Decision Time: Obama Administration Faces New Legal Question in Same-Sex Marriage Lawsuits
February 17, 2011 by Michael Cole-Schwartz, Director of Communications
Lawsuits to overturn the federal government’s ban on recognition of legal same-sex marriages (the so-called “Defense of Marriage Act” or DOMA) have been in the courts for years.
But in the next few weeks the Administration will face a critical legal question in two new cases that it has not yet had to face: what level of judicial review is appropriate for claims based on sexual orientation? These cases brought by the ACLU and GLAD are in the Second Circuit which doesn’t have existing precedent for this question. Essentially, it comes down to if courts will take a harder look at discrimination based on sexual orientation, as they do those involving race and gender. For more on the issue, the New York Times has a background story. HRC has prepared a helpful memo on DOMA and scrutiny (pdf) to sort through these legal issues and the choices faced by the administration as it defends DOMA in court.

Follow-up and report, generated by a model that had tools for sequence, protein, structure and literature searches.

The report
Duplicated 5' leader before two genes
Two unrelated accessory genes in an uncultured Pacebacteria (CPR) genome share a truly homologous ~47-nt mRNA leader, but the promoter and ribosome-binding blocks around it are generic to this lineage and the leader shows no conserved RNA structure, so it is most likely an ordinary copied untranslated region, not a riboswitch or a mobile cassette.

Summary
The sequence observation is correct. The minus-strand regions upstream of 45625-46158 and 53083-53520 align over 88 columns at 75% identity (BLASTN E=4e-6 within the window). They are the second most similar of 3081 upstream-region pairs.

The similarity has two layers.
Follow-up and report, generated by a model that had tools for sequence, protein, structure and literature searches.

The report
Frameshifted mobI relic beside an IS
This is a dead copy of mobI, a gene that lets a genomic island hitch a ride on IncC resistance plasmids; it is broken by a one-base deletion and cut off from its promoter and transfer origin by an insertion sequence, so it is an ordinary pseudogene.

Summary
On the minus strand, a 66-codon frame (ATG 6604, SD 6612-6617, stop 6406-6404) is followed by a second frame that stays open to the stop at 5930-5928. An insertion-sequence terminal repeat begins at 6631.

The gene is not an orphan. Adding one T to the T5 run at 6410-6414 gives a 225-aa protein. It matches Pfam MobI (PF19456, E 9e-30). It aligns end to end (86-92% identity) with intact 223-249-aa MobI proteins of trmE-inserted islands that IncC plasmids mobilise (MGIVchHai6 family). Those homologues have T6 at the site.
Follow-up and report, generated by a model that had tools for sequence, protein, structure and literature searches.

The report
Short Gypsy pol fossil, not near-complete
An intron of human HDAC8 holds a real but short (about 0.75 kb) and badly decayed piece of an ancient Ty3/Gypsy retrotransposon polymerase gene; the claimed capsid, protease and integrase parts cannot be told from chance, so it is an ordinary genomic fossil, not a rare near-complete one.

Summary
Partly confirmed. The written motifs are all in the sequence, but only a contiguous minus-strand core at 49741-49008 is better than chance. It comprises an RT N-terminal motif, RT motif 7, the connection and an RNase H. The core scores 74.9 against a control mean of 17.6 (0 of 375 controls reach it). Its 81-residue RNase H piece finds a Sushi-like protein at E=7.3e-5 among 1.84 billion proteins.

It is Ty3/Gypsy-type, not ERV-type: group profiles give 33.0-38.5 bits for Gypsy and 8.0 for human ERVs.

We believe the administration does NOT have a “duty to defend” this blatantly unconstitutional law, as they argue that they do even while calling it discriminatory and on-record as supportive of repeal. Nevertheless, how the administration approaches this legal question will have ramifications for marriage lawsuits in the future as well as a host of other LGBT rights issues including protections from discrimination. As the memo states: “It would be devastating, as both a matter of equal protection jurisprudence as well as a political statement, to suggest that laws discriminating against gays and lesbians are presumptively constitutional." The next key filing date in the DOMA cases is March 11, so this issue will be heating up rapidly.
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